unfairly dominates the queue and thus the outbound
link.
The unfair distribution of packet loss is an
undesirable condition in congested routers [31]. To
provide mechanisms in routers to fairly distribute
packet loss, new queuing schemes, such as Random
Early Detection (RED) [31] are being designed and
deployed. For this analysis, we will assume that packet
loss impacts parallel TCP streams equally.
The following example illustrates the impact of
multiple TCP streams in an uncongested network:
If we assume that bytes MSS 4418 = , ms RTT 70 = ,
and
10000
1
=
i
p for all connections, and using
5 . 0
sec
sec 1000
/ 1000000
/ 8
sec) 70 (
) 4418 (
|
.
|

\
|
|
.
|

\
|
=
m
Mbit bits
byte bits
m RTT
bytes MSS

The upper bound on aggregate TCP bandwidth can
then be calculated using equation (5). Table 1 contains
the results of this calculation for a number of sockets.

Number of
Connections

Maximum
Aggregate
Bandwidth
1 100 50 Mb/sec
2 100+100 100 Mb/sec
3 100+100+100 150 Mb/sec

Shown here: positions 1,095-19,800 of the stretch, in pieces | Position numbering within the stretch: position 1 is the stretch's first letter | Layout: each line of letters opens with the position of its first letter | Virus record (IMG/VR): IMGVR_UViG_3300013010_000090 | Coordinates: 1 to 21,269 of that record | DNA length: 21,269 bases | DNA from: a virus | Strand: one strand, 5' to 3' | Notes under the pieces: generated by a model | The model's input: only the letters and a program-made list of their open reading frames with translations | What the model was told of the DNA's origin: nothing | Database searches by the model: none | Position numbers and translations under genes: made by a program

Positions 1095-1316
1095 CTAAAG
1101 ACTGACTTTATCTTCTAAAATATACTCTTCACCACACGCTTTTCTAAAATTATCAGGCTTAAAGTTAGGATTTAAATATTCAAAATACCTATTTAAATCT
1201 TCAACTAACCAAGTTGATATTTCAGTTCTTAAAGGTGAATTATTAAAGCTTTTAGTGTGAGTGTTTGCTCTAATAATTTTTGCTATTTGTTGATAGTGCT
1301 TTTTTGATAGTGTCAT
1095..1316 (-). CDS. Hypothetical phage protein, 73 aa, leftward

4 4 (100) 200 Mb/sec
5 5 (100) 250 Mb/sec
Table 1. Packet Loss on Aggregate TCP Bandwidth

Now, as the aggregate utilization of the network
increases to the point where queues and buffers in
switches and routers begin to overflow and packets are
dropped, the network becomes congested. If the packet
loss due to congestion is fairly shared over all of the
connections through a switch or router, the negative
effects of packet loss on the aggregate TCP bandwidth
for a set of n simultaneous connections is magnified by
a factor of n. For example, if the packet loss rate from
the previous example doubles, the multiplicative packet
loss rate factor in Table 1 is reduced from 100 to 70.71.
For five simultaneous streams, this reduces aggregate
bandwidth from 250 Mb/sec to 176.78 Mb/seca
reduction of 30%. Even with this reduction, however,
the aggregate bandwidth of 176.78 Mb/sec using five
parallel TCP connections is still substantially better
than the throughput obtained using only one connection
at the desirable packet loss rate.
It is difficult to predict at what point the packet
loss will become congestion dependent as the number

n
i
p
1
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of parallel TCP connections increase. There is,
however, a definite knee in the curve of the graph of
packet loss that indicates that adding additional
network sockets beyond a certain threshold will not